The CQC has published a report on the quality of specialist mental health care in England.
State of Care in Mental Health Services 2014 to 2017 reflects on findings from the last three years of inspections and the CQC’s role monitoring use of the Mental Health Act, as well as analysis of data from other sources.
At 31 May 2017, inspectors had rated 68% of core services provided by NHS trusts and 72% of independent mental health locations as good; with 6% of NHS and 3% of independent core services rated as outstanding. But they also found too much poor care, and far too much variation in both quality and access across different services.
The report describes how our inspectors found that the clear majority of services are caring and compassionate towards their patients, with 88% of NHS and 93% of independent services being rated as good in this key question.
However, the report also identifies several areas of concern:
- difficulties around accessing services,
- physical environments not designed to keep people safe,
- care that is over-restrictive and institutional in nature,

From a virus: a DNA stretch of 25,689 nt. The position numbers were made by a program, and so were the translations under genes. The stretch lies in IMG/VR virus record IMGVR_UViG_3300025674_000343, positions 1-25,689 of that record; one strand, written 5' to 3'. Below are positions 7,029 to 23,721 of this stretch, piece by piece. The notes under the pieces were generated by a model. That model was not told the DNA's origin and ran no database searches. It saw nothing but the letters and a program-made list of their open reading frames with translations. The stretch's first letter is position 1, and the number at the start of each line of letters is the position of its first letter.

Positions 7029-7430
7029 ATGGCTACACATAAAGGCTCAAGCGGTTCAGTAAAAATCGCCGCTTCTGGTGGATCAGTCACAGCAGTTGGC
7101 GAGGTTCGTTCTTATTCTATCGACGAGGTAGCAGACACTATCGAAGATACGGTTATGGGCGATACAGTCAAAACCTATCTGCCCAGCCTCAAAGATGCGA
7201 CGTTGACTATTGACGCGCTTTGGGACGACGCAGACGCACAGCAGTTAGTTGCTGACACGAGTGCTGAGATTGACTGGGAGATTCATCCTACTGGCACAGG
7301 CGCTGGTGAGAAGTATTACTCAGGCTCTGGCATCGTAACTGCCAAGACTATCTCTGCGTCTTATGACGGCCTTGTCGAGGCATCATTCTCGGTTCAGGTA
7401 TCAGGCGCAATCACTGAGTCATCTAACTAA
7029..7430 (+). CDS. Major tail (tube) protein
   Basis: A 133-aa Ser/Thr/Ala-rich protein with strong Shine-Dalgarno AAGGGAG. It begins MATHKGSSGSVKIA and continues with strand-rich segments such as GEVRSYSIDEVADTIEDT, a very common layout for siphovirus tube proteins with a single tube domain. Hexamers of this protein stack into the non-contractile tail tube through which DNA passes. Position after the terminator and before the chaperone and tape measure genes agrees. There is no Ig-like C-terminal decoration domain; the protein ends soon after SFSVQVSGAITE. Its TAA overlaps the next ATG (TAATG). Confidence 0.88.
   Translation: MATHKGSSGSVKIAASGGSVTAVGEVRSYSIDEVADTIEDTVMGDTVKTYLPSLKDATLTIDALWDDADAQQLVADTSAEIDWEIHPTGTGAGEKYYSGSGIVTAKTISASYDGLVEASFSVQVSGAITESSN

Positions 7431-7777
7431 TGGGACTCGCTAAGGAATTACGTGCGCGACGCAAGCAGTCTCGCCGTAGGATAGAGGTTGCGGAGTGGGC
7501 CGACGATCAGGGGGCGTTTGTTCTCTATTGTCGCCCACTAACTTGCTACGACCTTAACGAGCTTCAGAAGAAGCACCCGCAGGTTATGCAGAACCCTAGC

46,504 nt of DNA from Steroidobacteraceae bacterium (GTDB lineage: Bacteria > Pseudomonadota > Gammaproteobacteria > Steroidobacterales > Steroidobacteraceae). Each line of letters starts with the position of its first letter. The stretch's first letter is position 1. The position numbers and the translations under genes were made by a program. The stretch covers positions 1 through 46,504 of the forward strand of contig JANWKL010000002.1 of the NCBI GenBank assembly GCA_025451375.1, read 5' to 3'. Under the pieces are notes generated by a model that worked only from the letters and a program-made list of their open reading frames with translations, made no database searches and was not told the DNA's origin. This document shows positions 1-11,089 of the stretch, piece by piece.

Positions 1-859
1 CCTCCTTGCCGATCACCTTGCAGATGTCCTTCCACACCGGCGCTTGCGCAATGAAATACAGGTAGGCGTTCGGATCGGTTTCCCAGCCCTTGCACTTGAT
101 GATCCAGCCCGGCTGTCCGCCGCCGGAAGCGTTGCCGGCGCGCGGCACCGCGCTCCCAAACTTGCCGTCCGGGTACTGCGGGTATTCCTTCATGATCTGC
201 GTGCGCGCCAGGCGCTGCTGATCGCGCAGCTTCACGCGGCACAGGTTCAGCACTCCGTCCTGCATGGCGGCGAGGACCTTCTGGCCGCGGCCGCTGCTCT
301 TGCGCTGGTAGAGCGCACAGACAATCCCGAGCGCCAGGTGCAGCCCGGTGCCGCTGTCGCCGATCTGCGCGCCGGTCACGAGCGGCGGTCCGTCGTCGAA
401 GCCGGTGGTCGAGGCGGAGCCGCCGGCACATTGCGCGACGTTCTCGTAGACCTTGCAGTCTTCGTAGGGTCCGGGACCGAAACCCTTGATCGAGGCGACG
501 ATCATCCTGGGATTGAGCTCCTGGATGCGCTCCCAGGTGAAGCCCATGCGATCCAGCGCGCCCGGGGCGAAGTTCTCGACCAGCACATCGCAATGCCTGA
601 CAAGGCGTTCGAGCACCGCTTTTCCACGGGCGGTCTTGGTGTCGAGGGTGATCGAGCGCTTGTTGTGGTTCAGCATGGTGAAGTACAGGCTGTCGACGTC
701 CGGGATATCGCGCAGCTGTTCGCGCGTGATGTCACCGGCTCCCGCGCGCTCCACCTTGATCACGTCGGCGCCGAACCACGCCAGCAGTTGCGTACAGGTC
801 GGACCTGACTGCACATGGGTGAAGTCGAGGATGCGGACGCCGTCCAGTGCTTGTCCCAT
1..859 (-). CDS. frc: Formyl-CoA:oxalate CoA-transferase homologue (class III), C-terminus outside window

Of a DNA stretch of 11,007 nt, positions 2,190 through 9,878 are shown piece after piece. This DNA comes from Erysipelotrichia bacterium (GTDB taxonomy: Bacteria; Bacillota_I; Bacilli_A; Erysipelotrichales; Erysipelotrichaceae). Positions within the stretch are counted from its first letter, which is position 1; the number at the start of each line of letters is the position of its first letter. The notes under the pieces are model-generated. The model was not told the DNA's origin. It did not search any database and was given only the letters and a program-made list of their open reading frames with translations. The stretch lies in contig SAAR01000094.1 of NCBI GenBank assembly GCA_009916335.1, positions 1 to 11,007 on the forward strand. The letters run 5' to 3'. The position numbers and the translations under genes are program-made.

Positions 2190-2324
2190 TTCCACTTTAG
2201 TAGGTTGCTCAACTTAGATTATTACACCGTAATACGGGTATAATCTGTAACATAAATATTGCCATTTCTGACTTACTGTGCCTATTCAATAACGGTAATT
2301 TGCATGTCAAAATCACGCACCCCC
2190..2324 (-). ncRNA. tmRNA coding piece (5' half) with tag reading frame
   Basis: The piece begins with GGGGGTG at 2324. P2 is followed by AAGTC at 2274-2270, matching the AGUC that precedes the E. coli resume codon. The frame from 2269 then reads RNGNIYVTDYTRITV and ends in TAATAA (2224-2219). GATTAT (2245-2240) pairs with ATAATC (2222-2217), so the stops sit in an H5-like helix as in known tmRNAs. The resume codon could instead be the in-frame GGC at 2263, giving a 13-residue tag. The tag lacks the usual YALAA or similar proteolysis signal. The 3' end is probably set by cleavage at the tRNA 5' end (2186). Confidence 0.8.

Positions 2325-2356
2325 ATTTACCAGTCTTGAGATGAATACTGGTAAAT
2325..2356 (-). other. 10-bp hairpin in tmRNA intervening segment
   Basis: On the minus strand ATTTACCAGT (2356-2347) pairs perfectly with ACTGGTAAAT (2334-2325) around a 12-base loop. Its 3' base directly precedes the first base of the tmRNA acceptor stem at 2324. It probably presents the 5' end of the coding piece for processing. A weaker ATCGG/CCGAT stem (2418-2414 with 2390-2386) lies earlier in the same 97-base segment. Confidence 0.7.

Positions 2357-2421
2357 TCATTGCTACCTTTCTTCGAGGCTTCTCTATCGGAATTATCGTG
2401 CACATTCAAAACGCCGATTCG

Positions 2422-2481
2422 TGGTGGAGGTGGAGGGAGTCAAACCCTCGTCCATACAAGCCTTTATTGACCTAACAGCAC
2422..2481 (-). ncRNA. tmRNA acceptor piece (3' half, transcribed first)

- and poor recording and sharing of information that undermines the efforts of staff to work together to make sure that people get the right care at the right time.
Speaking about the report, Dr Paul Lelliott, Deputy Chief Inspector (Lead for Mental Health) said “The mental health sector is at a crossroads. The Five Year Forward View for Mental Health, published last year, points the way to a future where people have easy access to high-quality care close to home and are able to exercise choice. To achieve this vision, the sector must overcome an unprecedented set of challenges – high demand, workforce shortages, unsuitable buildings and poor clinical information systems.
“Some services remain rooted in the past – providing care that is over-restrictive and that is not tailored to each person’s individual needs. This can leave people feeling helpless and powerless. But the best services are looking to the future by working in partnership with the people whose care they deliver, empowering their staff and looking for opportunities to work with other parts of the health and care system.”
“Now that we have inspected all specialist mental health services, we have a baseline against which we can continue to monitor and measure the quality of care. We will continue to highlight good practice, drive improvement and take action to protect people where necessary. We expect those that deliver and commission care must learn from the services that are getting it right so that everyone gets the help they need when they need it.”